Kenyans forgo food for better education, but to what end? : The Standard


Education CS George Magoha during training of teachers on the Competency Based Curriculum at Kakamega High School yesterday. [Duncan Ocholla, Standard]

For most Kenyans, education is the beaten path to success. Not just any education, good education.

That is why every morning, Ruth’s mother squeezes Sh100 into her tiny palm and sends her to a tin-shacked, informal school in Korogocho slum, Nairobi.
For Ruth’s mother, who ekes out a living from washing clothes, the Sh100 daily school fees does not come easy. And when she does not get it, there is no learning for Ruth.
“But I always look for every way possible to ensure she does not miss class, even if it means borrowing,” says the mother, who, however, did not want her name revealed.

SEE ALSO :Why biryani should be our national dish

She is among millions of Kenyans who, although living one paycheck away from poverty, can still afford to squeeze a few shillings for their children’s education. Education, to most Kenyans, is the silver bullet to incorrigible poverty.
A report by the Central Bank of Kenya (CBK), the Kenya National Bureau of Statistics (KNBS) and Financial Sector Deepening (FSD), found that education is the leading life-goal for Kenyans, regardless of their income group.
The 2019 FinAccess Survey states that 35.5 per cent of Kenyans ranked educating oneself ahead of every need, including putting food on the table.
The need to educate oneself was more acute among poor households such as that of Ruth’s mother, according to the survey. Among those in the low-income group, 37.3 per cent ranked education as the most important goal in their lives.
“It highlights how Kenyans view education as a means to access opportunities (upward mobility) and social status,” reads the report.

SEE ALSO :Good policies needed to attain food security

Huge loans
It is only among Kenyans with no education that putting food on the table ranked ahead of education as the main goal. But even among this group, the quest for learning was sizzling.
To secure better jobs, or even get promoted, most Kenyans have sold their cows or taken huge loans to better their education.
Moreover, while most Kenyans tend to save for their day-to-day needs and emergencies such as burial, most try to put aside some cash for education.
Thirty-three per cent of respondents said they were saving for the education of self, child and sibling in 2019, up from 21 per cent three years ago. Realising the importance of education in reducing poverty and narrowing the ever-widening gap between the have and have-nots, the government has made access to basic primary and secondary schooling free for every child.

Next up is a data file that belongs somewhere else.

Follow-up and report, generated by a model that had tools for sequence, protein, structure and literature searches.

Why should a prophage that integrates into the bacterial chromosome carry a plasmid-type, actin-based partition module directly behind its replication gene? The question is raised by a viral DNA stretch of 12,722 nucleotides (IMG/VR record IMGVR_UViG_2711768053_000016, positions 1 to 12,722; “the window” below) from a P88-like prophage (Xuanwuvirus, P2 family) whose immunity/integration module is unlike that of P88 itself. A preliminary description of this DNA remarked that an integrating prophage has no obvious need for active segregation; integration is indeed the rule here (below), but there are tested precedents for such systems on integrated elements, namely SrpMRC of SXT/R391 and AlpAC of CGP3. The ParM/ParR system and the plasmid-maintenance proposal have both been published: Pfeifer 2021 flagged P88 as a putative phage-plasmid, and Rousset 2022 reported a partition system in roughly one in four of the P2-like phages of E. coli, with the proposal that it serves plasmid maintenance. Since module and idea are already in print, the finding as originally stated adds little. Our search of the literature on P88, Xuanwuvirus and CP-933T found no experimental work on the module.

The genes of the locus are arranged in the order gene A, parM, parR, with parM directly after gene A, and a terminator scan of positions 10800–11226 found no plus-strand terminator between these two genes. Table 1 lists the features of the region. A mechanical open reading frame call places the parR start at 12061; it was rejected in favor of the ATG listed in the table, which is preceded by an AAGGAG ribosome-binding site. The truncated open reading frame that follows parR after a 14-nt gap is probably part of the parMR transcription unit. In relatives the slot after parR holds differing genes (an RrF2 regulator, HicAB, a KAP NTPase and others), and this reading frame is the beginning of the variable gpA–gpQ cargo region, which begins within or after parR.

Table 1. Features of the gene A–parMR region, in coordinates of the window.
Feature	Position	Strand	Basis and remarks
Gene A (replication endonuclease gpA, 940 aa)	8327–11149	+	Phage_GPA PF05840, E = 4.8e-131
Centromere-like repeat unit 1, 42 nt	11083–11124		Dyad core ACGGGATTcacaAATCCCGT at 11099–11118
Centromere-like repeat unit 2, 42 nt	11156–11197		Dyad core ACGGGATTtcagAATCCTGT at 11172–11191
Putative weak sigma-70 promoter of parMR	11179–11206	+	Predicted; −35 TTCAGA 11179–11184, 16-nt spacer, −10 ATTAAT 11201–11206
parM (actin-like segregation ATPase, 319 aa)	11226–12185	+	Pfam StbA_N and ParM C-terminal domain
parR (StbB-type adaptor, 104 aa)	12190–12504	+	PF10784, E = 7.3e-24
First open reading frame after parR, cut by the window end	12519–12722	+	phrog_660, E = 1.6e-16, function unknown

SEE ALSO :February inflation falls to 8-month low

The World Bank notes that while Kenya has remarkably improved access to primary and secondary education, Kenyans are still functionally illiterate. In other words, they lack the literacy necessary for coping with most jobs and many every day situations.
“Even amongst those with tertiary level education, less than 25 per cent achieve functional literacy. But the labour market requires more than just education; skills also matter,” said the World Bank.
The skills Kenyans have been getting from institutions of higher learning, reckon the government, are not the kind of skills that the industry is yearning for, a mismatch that has seen graduates endlessly toil for work.
Suddenly, education is not catapulting Kenyans into next socio-economic level, fuelling a feeling of despondence that has seen graduates take up low-productive jobs in the jua kali sector.
This has added to the unemployment crisis, especially among the youth, which experts have described as a “ticking bomb”.

SEE ALSO :Twiga Foods: The disruptors in the ‘mama mboga’ market

According to the World Bank, between 2015 and 2025, the working age population will increase, on a net basis, by nearly nine million people.
“One third of them, or three million, will be made up of young people, between ages 15 and 24,” reads the World Bank report.
The government does not want to be caught flat-footed.
In the 2010/11 National Manpower Survey Basic Report (NMS), the Labour ministry blamed the skills mismatch on the conversion and/or takeover of middle-level colleges, and technical and vocational education and training (TVET) institutions by universities.
The conversion, noted the NMS, was being done without the matching establishment of vocational training institutes. The result is a reduction in the out-turn of technicians and other middle-level personnel, with Kenya churning out more business managers than scientists.

Register to advertise your products & services on our classifieds website and enjoy one month subscription free of charge and 3 free ads on the Standard newspaper.

FoodEducationKNBSCost of living


Source link